• Examples of who may crowdsource evidence and for what purpose. They may include: media, investigators, rights defenders, other activists, etc.

RESOURCE:

  • To prepare this session, use the “Crowdsourcing Reference Document - Session 1: Introduction to the topic” (download PDF or Word file.
Task: Why crowdsourcing?

Collaborate | 20 minutes

Tools / Materials:

  • A shared cloud space or a digital whiteboard with the templates: Miro, Mural, etc. (if online.)
  • Digital break-out rooms (if online) or separate room areas / tables (if offline/in person.)
  • Individual sheets of paper, post-its, pens (if offline.)

Instructions

[10 minutes]

  • Divide participants into small groups of 3-5 people each. Recommend that each group allocates specific roles during their activities: Note-Taker, Time-Keeper, Presenter (roles can be rotated), etc.

  • Ask groups to brainstorm on the topic:

    • Reasons why different actors may want to crowdsource evidence
  • The list of answers may include: journalists who want to proactively collect certain types of content from social media or invite citizens to report something directly, rights defenders or watchdog organizations choosing to monitor certain issues / events by inviting citizens to report or map findings and situations, etc.

  • They can take notes in shared files or a whiteboard.

[10 minutes] Debriefing

  • Back in the main group/room, a representative of each group shares their findings, 1 minute per group.

  • Guided by the facilitator, the whole group examines Pros and Cons for using crowdsourcing for several of the cases they listed and decide whether the method is appropriate.

Setting up a Crowdsourcing Effort (45 min)

Task: Plan a crowdsourcing project

Collaborate | 45 minutes

Tools / Materials:

  • Slides / flip-chart papers with pre-filled activity instructions.
  • A shared cloud space or a digital whiteboard with the templates: Miro, Mural, etc. (if online.)
  • Digital break-out rooms (if online) or separate room areas / tables (if offline.)
  • Individual sheets of paper, sticky notes / post-its, pens (if offline.)
  • “Crowdsourcing Activity Templates”, section “Group Activity: Planning a crowdsourcing project” for participants to fill out (online or printed)

Instructions

[5 minutes]

  • Give a brief presentation telling participants that before they decide to engage in crowdsourcing, it is important to ask a number of questions. The questions – also useful for discussions in the following activity - are:

    • Why do you want to crowdsource?
    • Who are your contributors?
    • Who are your beneficiaries?
    • What are the main ethical considerations when crowdsourcing evidence?
    • What are the risks?
    • How verifiable is the data collected?
    • Who could become your partner or collaborator?
    • What happens with data afterwards?
    • Should any credit be given and how?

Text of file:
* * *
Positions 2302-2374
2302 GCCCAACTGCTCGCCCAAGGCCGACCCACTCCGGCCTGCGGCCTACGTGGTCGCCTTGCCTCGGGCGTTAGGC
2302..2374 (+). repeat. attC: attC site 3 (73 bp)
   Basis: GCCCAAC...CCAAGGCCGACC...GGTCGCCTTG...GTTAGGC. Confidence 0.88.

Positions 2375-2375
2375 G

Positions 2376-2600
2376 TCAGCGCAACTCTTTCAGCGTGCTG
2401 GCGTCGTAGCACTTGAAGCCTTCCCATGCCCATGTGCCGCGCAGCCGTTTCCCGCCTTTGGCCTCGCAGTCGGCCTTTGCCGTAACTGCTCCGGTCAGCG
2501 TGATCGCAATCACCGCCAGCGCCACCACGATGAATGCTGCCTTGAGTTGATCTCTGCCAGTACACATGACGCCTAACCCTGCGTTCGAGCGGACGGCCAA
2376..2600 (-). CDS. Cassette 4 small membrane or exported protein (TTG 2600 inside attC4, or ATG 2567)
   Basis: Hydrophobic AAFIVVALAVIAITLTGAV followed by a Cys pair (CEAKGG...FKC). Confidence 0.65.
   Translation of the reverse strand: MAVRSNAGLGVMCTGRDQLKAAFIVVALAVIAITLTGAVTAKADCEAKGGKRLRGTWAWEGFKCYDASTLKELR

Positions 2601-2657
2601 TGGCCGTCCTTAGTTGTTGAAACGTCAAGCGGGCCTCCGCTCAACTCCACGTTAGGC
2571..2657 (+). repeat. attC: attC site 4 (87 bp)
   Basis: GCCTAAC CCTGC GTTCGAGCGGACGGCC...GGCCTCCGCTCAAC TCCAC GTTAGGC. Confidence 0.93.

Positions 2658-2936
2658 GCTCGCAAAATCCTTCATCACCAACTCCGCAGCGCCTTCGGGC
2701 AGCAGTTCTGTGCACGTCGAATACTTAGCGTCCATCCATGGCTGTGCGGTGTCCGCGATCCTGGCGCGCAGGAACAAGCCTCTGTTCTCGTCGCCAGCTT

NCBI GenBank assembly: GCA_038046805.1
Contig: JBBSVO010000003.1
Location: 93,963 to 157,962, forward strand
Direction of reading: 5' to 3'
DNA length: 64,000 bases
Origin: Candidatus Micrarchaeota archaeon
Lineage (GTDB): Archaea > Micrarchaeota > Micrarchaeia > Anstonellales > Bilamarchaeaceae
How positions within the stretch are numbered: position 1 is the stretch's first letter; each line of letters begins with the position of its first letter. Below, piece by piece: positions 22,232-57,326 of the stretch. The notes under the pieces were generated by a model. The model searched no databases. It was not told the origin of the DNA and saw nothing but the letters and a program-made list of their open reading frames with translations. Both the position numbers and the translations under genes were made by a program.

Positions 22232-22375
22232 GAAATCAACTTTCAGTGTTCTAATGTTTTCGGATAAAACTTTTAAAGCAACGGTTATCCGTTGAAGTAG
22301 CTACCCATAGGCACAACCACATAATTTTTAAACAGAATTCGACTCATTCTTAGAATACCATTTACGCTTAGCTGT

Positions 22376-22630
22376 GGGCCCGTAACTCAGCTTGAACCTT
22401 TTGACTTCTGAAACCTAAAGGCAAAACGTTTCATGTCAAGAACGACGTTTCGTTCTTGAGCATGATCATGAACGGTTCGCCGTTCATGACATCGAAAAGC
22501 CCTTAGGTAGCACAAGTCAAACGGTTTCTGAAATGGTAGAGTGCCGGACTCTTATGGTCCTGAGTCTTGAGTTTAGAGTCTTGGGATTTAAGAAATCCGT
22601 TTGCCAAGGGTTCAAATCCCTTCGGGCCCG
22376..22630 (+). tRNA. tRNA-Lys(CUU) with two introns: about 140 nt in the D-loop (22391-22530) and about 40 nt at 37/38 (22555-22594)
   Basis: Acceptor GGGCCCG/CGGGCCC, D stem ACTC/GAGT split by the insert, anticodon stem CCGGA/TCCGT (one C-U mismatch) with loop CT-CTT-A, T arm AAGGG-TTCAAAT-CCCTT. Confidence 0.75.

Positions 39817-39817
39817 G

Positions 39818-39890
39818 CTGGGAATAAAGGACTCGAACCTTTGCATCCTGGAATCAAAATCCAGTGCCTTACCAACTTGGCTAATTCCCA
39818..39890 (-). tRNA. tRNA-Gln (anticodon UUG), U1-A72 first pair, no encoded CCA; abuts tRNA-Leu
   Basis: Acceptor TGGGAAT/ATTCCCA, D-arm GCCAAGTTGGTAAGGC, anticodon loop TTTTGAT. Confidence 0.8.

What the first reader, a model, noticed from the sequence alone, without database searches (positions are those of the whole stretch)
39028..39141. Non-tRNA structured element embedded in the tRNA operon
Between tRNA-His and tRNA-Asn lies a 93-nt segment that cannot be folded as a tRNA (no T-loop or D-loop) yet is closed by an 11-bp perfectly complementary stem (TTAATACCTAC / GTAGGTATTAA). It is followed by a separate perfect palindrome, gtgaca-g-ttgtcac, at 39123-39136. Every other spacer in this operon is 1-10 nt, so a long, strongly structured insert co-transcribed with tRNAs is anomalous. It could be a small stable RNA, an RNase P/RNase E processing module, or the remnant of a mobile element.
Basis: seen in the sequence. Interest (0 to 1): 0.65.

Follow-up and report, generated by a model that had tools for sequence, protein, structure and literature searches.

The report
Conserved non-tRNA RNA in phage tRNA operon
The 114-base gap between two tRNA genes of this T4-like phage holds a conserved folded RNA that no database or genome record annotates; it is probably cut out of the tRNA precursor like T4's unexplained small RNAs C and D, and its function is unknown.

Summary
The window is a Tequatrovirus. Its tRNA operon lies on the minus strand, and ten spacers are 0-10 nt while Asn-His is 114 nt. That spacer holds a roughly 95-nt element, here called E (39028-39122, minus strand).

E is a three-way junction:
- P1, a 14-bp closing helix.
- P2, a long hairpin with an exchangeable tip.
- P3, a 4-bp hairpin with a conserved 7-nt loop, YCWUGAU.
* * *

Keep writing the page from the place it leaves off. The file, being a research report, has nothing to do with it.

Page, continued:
[25 minutes]

  • Divide participants into small groups of 3-5 people each. The same groups should work together during the entire workshop from here on.

  • Remind groups to allocate specific roles during their activities: Note-Taker, Time-Keeper, Presenter, etc.

  • Ask each group to choose an idea / a project (real or fictitious) that would apply crowdsourcing in one of the three generic areas:

    1. a journalistic investigation,
    2. a crisis situation requiring information gathering, or
    3. improving public accountability.
  • Groups discuss their respective crowdsourcing “projects” along the lines of main considerations listed below and brainstorm steps they would take to address them:

    • Goals and purpose
    • Target audiences
    • Risks and safety
    • Ethical considerations
    • Reliability of findings
    • Possible collaborators
    • Outputs
    • Credits
  • Groups take notes in the template table provided (see “Materials” above.)

[15 minutes] Debriefing

  • Back in the main group/room, groups present the results of their work, answer questions and receive feedback from the facilitator.

RESOURCE:

  • To prepare this session, use the “Crowdsourcing Reference Document - Session 2: Setting up a crowdsourcing effort” (download PDF or Word file.)

Choosing the Right Crowdsourcing Approach (30 min)

Introduction: Crowdsourcing approaches

Read Watch Listen | 10 minutes

Tools / Materials:

  • Slides / flip-chart papers for presentation, prepared in advance.

Instructions

Prepare and give a short presentation including:

  • How choosing the right approach depends on one’s goals as well as audiences. For example:

    • journalists might set up a secure channel for citizens to anonymously send in tips,
    • rights defenders may encourage victims to submit evidence of abuse in whatever format they may have it, or
    • election observers may want voters to attempt to categorize the type of irregularity they witness according to some pre-set criteria, etc.
  • Present structured vs unstructured data collection methods, emphasizing when each may be suitable, depending on needs, goal, method of data analysis, etc.

  • Highlight the difference between “open” and “specific” calls to contribute data.

  • Highlight the difference between crowdsourcing data in an unstructured and structured way.

  • List the Pros and Cons of each approach.

RESOURCE:

  • To prepare this session, use the “Crowdsourcing Reference Document - Session 3: Choosing the right crowdsourcing approach & Session 4: Working with target audience(s) of the crowdsourcing effort” (download PDF or Word file)
Task: Choose the suitable approach

Collaborate | 20 minutes

Tools / Materials:

  • Slides / flip-chart papers with pre-written activity instructions.